A Day at the Beach

March 04, 2004

Wellfleet1

Provided by: Mark Mello, Director of Research at the Lloyd Center for Environmental Studies
Summary authors & editors: Mark Mello; Michael Rogovsky; Teresa Rogovsky

The above photo was taken in Wellfleet, Massachusetts, on February 16, 2004. As our mild December morphed into the coldest January in Massachusetts since 1893, seawater in shallow estuaries from Wellfleet to Eastham began to freeze. Ten-foot tides broke up the ice and moved it into Cape Cod Bay, then the estuaries re-froze, and the process repeated itself.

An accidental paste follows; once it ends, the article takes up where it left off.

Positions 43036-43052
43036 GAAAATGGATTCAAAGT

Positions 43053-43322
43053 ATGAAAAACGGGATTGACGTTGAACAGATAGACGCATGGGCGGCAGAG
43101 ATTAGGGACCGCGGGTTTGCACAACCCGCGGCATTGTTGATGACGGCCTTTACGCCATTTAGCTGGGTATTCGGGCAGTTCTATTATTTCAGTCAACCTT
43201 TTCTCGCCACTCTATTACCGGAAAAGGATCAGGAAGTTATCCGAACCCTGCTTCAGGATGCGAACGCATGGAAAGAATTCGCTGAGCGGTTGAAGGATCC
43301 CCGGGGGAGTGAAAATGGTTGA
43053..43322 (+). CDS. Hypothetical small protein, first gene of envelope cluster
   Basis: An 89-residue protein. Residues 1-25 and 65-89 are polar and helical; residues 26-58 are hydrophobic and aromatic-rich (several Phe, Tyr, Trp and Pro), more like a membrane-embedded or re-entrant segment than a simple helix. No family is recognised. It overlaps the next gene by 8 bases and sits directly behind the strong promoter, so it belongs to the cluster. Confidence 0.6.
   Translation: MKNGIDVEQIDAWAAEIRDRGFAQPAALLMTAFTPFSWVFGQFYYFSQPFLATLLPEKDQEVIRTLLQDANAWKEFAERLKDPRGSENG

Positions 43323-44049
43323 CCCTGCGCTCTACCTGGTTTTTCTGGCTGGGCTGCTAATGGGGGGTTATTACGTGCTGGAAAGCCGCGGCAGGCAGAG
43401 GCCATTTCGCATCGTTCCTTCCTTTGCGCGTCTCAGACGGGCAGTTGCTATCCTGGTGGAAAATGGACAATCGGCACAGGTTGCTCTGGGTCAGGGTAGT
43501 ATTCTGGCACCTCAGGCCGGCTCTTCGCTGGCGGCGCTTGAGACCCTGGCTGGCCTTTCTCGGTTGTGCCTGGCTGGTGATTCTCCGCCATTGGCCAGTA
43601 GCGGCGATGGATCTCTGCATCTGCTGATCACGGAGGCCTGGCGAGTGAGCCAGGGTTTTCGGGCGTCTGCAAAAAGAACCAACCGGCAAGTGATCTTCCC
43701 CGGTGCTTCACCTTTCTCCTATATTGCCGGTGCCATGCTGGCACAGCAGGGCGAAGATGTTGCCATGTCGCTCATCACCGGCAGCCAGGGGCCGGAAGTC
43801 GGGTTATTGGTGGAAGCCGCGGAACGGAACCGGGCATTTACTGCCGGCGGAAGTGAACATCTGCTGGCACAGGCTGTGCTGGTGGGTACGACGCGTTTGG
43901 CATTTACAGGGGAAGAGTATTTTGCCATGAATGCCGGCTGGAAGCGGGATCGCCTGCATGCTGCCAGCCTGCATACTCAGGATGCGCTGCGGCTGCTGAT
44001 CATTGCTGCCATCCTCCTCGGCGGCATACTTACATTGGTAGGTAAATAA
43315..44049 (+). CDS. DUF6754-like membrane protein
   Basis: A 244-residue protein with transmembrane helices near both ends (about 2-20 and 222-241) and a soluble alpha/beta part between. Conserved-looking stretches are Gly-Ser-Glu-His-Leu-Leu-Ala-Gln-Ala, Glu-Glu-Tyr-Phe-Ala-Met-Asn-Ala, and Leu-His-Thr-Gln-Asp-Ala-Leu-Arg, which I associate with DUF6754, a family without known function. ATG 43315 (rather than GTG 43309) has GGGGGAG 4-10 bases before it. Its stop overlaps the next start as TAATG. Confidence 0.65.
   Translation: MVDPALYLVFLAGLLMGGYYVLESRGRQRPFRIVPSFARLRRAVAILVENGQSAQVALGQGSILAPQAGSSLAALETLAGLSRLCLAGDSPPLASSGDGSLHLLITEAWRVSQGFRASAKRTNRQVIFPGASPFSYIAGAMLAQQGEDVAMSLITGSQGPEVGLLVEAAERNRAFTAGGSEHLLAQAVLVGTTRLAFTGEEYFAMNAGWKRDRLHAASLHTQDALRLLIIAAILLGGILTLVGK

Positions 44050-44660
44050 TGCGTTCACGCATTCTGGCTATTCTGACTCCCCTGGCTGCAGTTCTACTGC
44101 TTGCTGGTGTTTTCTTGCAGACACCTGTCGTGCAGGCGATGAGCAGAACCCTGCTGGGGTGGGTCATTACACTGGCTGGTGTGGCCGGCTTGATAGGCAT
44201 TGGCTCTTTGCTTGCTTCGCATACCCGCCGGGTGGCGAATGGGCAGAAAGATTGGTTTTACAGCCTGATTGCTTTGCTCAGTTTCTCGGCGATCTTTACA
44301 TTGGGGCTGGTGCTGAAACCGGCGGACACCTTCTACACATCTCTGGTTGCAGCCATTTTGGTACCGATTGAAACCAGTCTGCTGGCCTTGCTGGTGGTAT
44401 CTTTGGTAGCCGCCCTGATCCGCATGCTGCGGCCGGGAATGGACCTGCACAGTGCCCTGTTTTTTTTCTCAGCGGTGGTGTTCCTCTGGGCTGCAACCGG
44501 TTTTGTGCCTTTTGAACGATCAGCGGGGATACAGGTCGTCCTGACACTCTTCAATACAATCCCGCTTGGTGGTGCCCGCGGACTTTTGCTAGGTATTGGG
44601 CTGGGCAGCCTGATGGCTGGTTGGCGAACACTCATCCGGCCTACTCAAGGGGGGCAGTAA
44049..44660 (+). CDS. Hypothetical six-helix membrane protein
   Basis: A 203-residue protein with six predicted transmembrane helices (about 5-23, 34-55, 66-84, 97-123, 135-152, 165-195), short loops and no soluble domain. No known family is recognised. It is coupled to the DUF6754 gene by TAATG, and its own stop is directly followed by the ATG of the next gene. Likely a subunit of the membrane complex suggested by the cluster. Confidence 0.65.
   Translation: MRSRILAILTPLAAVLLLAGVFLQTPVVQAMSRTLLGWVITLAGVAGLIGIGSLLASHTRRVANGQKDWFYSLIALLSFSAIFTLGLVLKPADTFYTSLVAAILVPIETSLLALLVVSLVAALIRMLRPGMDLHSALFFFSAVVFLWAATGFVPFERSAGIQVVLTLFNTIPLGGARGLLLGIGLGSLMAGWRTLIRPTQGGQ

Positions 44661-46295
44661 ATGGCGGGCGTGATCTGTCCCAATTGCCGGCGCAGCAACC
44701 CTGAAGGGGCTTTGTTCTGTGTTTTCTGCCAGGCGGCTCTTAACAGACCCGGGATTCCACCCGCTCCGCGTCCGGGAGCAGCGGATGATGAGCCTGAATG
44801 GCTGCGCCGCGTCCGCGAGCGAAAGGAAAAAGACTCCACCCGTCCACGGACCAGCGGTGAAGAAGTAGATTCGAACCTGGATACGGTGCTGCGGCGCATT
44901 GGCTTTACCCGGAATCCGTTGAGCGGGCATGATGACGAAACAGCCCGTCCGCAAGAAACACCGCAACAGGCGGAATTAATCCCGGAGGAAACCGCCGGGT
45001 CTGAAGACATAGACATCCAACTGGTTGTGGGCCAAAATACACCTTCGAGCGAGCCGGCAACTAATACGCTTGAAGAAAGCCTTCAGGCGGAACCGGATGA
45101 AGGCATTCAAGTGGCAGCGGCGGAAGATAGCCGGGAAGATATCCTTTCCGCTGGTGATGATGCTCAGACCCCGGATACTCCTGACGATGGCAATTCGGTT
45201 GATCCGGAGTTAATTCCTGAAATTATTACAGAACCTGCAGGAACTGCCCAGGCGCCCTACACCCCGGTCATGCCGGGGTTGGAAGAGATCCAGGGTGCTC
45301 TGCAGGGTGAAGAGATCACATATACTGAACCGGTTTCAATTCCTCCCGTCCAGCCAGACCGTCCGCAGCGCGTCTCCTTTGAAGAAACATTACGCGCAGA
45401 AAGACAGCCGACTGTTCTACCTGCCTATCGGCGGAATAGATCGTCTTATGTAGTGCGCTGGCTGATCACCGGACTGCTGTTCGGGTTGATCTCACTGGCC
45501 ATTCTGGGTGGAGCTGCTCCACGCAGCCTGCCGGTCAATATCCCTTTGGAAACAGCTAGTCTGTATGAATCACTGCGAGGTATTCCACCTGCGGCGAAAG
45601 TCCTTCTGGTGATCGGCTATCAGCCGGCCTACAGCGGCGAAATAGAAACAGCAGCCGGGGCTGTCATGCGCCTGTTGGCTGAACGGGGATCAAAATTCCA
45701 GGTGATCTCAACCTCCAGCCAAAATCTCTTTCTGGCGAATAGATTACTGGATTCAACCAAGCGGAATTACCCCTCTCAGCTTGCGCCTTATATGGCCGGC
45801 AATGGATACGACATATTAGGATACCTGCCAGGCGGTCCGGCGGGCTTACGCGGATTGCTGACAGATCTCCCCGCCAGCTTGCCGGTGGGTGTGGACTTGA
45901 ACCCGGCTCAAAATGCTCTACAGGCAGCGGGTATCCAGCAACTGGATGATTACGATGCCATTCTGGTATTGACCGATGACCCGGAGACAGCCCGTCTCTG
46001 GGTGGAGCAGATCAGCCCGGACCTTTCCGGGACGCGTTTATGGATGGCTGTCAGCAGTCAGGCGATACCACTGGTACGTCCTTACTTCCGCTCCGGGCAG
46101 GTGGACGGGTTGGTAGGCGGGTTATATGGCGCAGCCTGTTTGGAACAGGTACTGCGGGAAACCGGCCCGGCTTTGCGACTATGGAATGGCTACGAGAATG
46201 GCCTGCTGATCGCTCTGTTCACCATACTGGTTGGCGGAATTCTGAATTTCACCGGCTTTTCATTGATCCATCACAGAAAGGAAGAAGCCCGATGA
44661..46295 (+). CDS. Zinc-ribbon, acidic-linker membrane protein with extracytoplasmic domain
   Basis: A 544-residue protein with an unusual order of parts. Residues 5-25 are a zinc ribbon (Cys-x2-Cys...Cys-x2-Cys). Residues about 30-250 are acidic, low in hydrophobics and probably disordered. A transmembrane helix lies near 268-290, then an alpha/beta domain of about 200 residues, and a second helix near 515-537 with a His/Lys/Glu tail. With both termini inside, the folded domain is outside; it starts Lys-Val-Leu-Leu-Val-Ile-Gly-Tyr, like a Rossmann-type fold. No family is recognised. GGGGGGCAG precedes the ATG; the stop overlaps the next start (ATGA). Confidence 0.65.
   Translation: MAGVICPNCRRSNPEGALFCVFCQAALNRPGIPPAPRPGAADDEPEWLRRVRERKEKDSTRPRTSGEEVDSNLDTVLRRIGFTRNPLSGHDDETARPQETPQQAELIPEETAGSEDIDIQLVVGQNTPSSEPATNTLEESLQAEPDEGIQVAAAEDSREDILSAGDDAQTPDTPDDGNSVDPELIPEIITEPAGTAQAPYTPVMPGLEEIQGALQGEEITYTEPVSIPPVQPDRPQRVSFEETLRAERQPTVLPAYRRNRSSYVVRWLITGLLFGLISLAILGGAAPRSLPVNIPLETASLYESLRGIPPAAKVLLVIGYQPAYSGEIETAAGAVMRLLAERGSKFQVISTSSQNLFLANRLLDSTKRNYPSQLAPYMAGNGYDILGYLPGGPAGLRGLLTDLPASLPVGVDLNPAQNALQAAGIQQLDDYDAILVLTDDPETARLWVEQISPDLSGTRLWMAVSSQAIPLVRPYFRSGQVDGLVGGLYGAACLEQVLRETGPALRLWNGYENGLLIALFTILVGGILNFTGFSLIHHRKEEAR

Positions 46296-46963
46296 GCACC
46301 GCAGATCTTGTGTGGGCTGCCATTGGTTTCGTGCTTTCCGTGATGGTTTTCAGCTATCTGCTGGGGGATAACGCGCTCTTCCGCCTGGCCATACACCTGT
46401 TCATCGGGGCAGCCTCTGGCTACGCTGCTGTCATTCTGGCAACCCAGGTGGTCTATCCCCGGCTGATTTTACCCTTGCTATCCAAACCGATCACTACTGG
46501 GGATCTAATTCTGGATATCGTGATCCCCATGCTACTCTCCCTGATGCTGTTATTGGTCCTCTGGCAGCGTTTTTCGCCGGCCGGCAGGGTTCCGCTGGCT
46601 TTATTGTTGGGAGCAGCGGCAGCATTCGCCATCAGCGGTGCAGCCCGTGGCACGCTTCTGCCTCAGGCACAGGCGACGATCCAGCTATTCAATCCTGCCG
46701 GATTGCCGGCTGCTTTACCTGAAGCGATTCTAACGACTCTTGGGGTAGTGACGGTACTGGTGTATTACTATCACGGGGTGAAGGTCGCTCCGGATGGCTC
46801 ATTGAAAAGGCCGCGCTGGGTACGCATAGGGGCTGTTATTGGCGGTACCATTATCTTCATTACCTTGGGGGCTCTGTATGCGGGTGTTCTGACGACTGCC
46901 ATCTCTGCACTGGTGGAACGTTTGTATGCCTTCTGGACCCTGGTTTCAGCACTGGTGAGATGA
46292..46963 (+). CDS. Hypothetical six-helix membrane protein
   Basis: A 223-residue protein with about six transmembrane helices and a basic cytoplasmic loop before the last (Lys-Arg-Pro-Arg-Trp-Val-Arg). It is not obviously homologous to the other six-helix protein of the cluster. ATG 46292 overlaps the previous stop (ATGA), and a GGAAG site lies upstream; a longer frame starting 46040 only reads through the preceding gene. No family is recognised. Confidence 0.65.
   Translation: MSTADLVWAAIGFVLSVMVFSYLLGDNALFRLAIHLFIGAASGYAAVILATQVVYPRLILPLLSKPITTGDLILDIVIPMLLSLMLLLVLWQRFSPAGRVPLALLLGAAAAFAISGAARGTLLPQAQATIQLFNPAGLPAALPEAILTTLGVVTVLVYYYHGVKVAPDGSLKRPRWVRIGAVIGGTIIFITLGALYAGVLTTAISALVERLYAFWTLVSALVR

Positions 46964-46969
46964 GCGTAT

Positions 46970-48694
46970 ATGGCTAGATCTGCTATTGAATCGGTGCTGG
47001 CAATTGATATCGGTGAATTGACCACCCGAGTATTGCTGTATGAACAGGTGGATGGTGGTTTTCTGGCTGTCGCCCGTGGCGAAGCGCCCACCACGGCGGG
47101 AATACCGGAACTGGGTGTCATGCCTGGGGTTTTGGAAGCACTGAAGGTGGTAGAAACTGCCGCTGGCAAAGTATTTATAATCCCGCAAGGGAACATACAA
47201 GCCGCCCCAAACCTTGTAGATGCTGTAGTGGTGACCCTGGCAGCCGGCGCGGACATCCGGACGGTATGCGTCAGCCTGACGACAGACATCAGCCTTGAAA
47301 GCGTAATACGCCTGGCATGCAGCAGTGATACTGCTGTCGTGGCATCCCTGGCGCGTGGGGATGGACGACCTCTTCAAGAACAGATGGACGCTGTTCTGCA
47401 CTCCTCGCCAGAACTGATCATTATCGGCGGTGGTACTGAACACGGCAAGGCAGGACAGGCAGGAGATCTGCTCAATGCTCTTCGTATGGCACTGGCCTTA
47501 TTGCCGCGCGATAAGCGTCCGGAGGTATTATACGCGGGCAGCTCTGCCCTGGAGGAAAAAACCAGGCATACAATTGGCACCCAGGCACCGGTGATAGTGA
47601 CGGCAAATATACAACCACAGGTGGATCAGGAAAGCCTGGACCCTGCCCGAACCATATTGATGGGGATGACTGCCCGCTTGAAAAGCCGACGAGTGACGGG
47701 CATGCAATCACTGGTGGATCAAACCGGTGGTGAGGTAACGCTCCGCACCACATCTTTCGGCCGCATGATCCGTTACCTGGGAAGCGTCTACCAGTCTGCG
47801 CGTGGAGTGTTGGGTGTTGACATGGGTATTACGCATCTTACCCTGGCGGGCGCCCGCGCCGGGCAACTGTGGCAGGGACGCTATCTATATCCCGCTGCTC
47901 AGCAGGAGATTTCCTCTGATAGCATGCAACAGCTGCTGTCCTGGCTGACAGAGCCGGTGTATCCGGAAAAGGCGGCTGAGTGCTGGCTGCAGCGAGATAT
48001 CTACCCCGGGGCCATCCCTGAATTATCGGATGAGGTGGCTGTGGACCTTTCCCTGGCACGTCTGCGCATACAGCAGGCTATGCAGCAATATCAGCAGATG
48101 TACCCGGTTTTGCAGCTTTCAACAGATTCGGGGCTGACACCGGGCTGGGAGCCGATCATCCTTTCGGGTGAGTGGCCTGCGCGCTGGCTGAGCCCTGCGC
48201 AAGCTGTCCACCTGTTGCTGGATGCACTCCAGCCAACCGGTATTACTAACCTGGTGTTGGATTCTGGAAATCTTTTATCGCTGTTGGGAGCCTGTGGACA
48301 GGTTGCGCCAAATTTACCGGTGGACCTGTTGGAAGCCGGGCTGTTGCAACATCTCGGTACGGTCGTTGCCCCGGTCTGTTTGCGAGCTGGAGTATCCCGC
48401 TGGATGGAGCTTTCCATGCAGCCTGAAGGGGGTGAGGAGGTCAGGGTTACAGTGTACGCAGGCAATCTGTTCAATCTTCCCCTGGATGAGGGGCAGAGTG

February temperatures continued to drop and the ice floes increased in number and thickness (up to eight feet thick or 2.4 m) in the Bay. The large ice packs floated on the currents. On the heels of a southwest wind, the ice moved north towards Truro and Provincetown, and on February 15th the Bay was ice as far as the eye could see from Truro. That night, the wind shifted to the northwest, and the next day, the ice floated back to the southern half of the Bay from Wellfleet (site of this photo) to Eastham, where the ice now stretched to the north. Ice packs traveled 15 miles (24 km) overnight.

Wind and tides piled some ice chunks onto the beach. Tides make it virtually impossible for the ice mass to freeze solid, although thrill seekers were able to hop from ice floe to ice floe. We had not seen ice packs in Cape Cod Bay since 1977.

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